Friday, March 11, 2011

A visitor so rare: Joe Neal's report from March 10, 2011

March 10, 2011, opened simply enough. Joan Reynolds had part of a day  
for Devils Den State Park. We met in Fayetteville around 9, blasted  
off into bright sunshine, heading south on old Cato Springs Road. Joan  
spotted two Greater Roadrunners seeming to enjoy the same spring sun  
just north of Hog Eye. Birding was slow in the park, but sunshine  
energized patches of golden pale corydalis and toothwort. White  
dog-tooth violets poked up through brown leaves on a rocky hillside.  
We were back in Fayetteville by 2. Joan returned home to Rogers to  
pick up her kids from school, me to the house with a blinking  
answering machine.
Behind the blinks was the familiar voice of Mike Mlodinow. A guy  
hauling hay bales loaned Mike his cell phone so he could let us know  
about a Northern Shrike he was watching at Woolsey Wet Prairie in  
Fayetteville. The answering machine is just inside the front door. My  
birding gear, especially spotting scope and camera, were still in the  
car. As on Black Friday, if you snooze you lose. I spun for Woolsey,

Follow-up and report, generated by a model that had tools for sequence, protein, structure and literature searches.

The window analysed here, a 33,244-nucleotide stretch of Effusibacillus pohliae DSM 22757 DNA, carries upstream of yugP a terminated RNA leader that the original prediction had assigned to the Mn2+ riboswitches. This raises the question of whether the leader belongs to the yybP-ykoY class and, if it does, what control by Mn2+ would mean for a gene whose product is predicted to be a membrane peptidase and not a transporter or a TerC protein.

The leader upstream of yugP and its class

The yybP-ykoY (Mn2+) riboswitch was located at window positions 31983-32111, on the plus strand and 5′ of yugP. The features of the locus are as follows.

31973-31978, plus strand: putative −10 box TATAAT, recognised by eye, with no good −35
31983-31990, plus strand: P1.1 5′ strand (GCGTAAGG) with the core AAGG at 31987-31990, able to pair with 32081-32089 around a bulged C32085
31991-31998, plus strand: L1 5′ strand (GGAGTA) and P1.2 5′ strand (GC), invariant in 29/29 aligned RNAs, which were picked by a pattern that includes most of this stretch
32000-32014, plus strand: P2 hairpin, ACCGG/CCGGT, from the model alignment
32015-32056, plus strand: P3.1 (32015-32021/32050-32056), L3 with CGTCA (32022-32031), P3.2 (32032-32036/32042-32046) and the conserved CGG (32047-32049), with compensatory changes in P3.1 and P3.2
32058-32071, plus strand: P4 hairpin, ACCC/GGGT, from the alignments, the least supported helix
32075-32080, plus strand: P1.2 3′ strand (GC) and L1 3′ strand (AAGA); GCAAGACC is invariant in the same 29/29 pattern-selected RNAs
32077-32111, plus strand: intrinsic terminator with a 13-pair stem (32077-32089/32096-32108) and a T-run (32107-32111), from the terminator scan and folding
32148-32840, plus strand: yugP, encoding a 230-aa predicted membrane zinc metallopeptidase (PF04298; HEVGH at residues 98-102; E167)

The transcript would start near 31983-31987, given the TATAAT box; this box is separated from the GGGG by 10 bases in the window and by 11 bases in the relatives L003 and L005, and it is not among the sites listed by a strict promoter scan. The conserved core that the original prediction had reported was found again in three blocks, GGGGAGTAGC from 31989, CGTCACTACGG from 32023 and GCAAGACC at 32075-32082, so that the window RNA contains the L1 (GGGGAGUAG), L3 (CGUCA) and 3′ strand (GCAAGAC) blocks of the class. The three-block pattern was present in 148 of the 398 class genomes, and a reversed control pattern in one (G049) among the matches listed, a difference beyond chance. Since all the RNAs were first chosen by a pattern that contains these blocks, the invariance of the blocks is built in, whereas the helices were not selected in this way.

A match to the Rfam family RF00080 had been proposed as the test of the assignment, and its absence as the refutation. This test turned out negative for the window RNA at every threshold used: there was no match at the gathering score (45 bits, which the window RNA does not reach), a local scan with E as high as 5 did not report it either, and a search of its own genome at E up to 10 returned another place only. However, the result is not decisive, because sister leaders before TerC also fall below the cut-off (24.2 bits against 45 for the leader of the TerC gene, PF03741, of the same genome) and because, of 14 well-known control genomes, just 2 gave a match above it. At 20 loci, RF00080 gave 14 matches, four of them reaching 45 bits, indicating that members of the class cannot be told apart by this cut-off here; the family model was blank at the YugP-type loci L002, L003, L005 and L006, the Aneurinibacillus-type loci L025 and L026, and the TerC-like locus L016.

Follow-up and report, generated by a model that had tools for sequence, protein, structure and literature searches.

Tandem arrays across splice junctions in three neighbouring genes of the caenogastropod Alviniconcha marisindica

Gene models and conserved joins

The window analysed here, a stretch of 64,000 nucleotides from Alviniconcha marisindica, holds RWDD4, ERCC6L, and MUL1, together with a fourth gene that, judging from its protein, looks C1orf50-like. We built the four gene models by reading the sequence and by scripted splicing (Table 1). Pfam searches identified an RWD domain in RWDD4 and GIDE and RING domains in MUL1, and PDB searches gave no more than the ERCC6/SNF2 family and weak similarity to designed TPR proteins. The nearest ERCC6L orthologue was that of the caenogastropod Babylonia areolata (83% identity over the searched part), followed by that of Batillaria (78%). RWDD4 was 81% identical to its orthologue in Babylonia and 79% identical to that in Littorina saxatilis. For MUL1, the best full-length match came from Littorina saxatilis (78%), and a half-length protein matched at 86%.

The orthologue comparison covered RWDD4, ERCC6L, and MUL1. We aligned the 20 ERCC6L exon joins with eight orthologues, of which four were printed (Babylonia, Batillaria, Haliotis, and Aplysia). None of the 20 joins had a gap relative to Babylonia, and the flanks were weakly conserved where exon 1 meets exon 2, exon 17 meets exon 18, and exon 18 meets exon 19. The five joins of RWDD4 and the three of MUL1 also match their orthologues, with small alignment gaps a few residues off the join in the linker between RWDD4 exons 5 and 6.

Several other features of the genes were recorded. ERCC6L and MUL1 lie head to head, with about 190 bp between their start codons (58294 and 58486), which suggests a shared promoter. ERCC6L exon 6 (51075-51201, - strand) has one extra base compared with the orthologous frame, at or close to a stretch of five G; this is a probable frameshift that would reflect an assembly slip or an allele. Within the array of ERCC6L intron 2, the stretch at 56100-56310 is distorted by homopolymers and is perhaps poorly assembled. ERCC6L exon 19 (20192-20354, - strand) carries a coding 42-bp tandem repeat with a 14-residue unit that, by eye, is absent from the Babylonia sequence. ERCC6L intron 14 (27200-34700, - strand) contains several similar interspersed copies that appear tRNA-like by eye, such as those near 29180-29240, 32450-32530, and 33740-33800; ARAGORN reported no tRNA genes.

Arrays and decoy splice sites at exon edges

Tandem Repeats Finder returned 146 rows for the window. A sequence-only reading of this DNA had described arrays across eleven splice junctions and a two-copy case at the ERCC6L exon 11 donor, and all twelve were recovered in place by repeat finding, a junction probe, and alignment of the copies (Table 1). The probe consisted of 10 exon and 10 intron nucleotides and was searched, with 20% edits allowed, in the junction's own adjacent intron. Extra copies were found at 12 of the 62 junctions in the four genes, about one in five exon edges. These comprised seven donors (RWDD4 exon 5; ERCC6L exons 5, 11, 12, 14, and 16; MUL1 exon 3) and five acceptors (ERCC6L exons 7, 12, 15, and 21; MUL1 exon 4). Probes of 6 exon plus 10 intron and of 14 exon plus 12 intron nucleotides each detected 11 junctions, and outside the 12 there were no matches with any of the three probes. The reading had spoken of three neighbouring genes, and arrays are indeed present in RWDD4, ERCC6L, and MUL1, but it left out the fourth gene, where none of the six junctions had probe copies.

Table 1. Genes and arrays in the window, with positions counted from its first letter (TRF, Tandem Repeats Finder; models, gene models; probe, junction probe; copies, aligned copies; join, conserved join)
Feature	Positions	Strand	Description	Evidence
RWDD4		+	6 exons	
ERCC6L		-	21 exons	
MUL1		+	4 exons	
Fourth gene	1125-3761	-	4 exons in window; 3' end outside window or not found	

sudden acceleration from sunny slow birding and spring wildflowers to  
high drama of a second state record. No time for lunch, no time for  
noon nap.
Woolsey Wet Prairie is not huge. The formal wetland mitigation is 30  
acres give or take, but mounded former prairie occupies at least three  
times that, including a fine pioneer oak savanna. Where is the shrike?  
I pull up, park, scan fences and powerlines; in the past I have had  
Loggerhead Shrikes here. At the savanna edge is a deteriorating barn,  
remains of an old rock home, and dense fencerows. Scan tree tops, scan  
tumbling fences marked by tangles of multiflora rose and blackberries.  
No shrike, but here is the figure of none other than Mike Mlodinow! He  
is walking toward me; once there, informs me we are in the right  
place, thickets by the house remains.
By now it is 3 in the afternoon. Mike has spent the day here. He rode  
mass transit as far as he could, then walked the rest to Woolsey. That  
is his style. Now we walk some more.  
We scan and scan, thickets and house place, around the barn. And then,  
way on top of a catalpa tree, Mike spots the Northern Shrike: thin  
mask with the eye rising above it, bill large and strongly hooked.  
Reddish-brownish bars mark the soft gray of breast and under parts.  
This is a bird in the first year that has mostly molted to adult  
plumage. A real northerner, it may have been pushed south by two big  
snows of early February.
A visitor so rare exudes star power. Return flight north is  
inevitable, but maybe, just maybe, it will remain a few days for  
others attracted to so rare a sun. For those bitten by birding, it is  
not enough to see a picture.
JOSEPH C. NEAL in Fayetteville, Arkansas

No comments:

Post a Comment